Chronic pain, or long-term pain that lasts 90 days or more, is a difficult and debilitating condition. Affecting nearly one third of the population, it is one of the most common and costly health conditions that are encountered by healthcare professionals. It disrupts life for the patient and creates issues for doctors because it can strike suddenly and linger for months or years.
Doctors often prescribe pain medications such as prescription pills and opiates. Relying too heavily on prescription painkillers is problematic, not only because it can interfere with daily activities such as working or driving, but also because these medications are highly addictive.
If believe that you or a loved one might be living with an addiction to prescription pain pills, it can help to understand how to identify addiction. Here are some warning signs you might look for:
- Confusion and/or lack of coordination
- Extreme drowsiness and/or changes in sleeping habits
- Constricted pupils
- Increased pain, even when taking prescription pills at higher doses
- Slowed breathing
- Social withdrawal
- Extreme shifts in mood, including anger or euphoria
- Poor decision-making
The good news is that you don’t have to completely rely on prescription pills for treating your symptoms of chronic pain. There are many ways you can manage your symptoms on your own by making simple lifestyle changes in the comfort of your own home.
Here is some advice for those who have recently been diagnosed with a chronic pain condition.
Naturally Treating Pain
Luckily, you have alternatives to using pain medications to relieve your chronic pain symptoms. There are many ways you can naturally treat pain without drugs or prescription pain medications. For instance, did you know that gentle forms of bodywork such as massage therapy, myofascial release, and craniosacral therapy can be effective in treating chronic pain?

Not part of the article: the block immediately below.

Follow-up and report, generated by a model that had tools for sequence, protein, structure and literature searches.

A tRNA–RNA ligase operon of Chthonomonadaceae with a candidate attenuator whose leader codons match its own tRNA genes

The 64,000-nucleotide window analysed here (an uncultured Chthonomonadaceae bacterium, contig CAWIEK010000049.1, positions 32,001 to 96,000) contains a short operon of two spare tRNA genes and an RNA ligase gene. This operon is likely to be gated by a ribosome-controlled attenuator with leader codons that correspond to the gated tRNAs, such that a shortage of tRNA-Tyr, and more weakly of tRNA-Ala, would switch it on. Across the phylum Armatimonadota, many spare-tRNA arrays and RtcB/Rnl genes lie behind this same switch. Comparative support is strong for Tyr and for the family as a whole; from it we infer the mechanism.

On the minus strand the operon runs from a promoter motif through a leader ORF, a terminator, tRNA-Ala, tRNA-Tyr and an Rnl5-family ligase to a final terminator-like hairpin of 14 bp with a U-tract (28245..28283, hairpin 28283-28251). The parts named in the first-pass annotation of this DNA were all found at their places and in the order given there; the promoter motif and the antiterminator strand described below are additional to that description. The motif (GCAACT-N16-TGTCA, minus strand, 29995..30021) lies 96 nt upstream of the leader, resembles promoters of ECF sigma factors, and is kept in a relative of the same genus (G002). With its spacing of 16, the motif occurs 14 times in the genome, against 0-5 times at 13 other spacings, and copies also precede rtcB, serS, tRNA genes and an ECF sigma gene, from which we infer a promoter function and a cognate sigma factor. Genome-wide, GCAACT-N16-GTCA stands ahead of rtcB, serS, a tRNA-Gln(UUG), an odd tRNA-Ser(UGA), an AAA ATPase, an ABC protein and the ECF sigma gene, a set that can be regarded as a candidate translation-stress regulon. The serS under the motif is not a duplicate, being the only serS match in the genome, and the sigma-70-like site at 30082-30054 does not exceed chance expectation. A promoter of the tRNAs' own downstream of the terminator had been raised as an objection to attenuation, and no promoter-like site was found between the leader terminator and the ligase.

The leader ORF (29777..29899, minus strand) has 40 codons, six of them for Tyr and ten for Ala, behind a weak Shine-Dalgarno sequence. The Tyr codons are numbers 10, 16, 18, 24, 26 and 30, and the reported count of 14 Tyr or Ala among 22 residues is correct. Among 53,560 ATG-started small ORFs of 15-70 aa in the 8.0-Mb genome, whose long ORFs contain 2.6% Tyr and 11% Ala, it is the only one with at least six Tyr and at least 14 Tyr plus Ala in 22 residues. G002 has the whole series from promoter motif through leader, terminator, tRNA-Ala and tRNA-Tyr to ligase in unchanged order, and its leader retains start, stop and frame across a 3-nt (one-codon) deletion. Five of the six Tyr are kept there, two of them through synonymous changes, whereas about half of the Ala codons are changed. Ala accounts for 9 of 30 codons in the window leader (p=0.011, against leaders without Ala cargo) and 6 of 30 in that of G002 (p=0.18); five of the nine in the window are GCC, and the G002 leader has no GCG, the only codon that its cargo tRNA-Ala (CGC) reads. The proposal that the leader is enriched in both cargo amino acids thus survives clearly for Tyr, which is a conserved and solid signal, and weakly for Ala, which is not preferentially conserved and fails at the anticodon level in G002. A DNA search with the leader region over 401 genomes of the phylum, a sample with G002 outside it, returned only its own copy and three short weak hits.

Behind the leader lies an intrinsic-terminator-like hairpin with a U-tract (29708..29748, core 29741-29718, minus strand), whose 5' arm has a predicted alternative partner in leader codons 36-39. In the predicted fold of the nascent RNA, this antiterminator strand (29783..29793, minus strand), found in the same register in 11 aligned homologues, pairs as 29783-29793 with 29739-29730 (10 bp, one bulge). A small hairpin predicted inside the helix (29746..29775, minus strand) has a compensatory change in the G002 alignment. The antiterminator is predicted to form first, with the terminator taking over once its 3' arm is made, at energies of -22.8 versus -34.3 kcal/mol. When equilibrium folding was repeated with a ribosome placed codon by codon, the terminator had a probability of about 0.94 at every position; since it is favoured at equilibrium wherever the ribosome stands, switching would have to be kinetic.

According to the American Massage Therapy Association (AMTA), massage can help treat more than just your pain symptoms. It can also provide relief from possible underlying conditions such as fibromyalgia and chronic myofascial pain syndrome (CMPS), two common conditions that are known for causing long-term pain.
It’s important to understand that a single massage session will not “cure” your chronic pain. Instead, AMTA recommends chronic pain patients schedule regular massage appointments because “pain and other issues tend to reappear if time between appointments is too great.”
Eliminating Pain Triggers
In addition to seeing your doctor as needed and getting massage therapy or other forms of bodywork on a regular basis, there are also many things you can do to manage your symptoms from home. You can start by keeping a daily pain journal to help pinpoint what’s triggering your pain so you can eliminate the triggers from your daily lifestyle.
You might also consider modifying your diet to reduce your intake of gluten. According to the Arthritis Foundation, gluten has been linked to inflammation in the body. This inflammatory response can increase pain levels in people who are living with any number of chronically painful conditions such as gluten sensitivity, celiac disease, irritable bowel syndrome (IBS), and certain types of arthritis. By making some dietary modifications to reduce your intake of grains and other foods containing gluten, you might find relief from your symptoms.
Managing Your Symptoms
Even if your pain doesn’t completely heal on its own, you can still make lifestyle adjustments to manage your symptoms and flare-ups. For instance, studies have shown that mindfulness meditation can positively change the way your body interprets pain, making your symptoms less severe. Meanwhile, daily yoga practice and regular exercise can be healthy strategies for reducing your symptoms and healing your body.
Chronic pain can be a difficult illness to live with each and every day. Luckily, you can empower yourself to take your health into your own hands by implementing pain-management strategies like the ones listed above. Good luck!
Kimberly Hayes enjoys writing about health and wellness and created PublicHealthAlert.info to help keep the public informed about the latest developments in popular health issues and concerns. In addition to studying to become a crisis intervention counselor, Kimberly is hard at work on her new book, which discusses the ins and outs of alternative addiction treatments.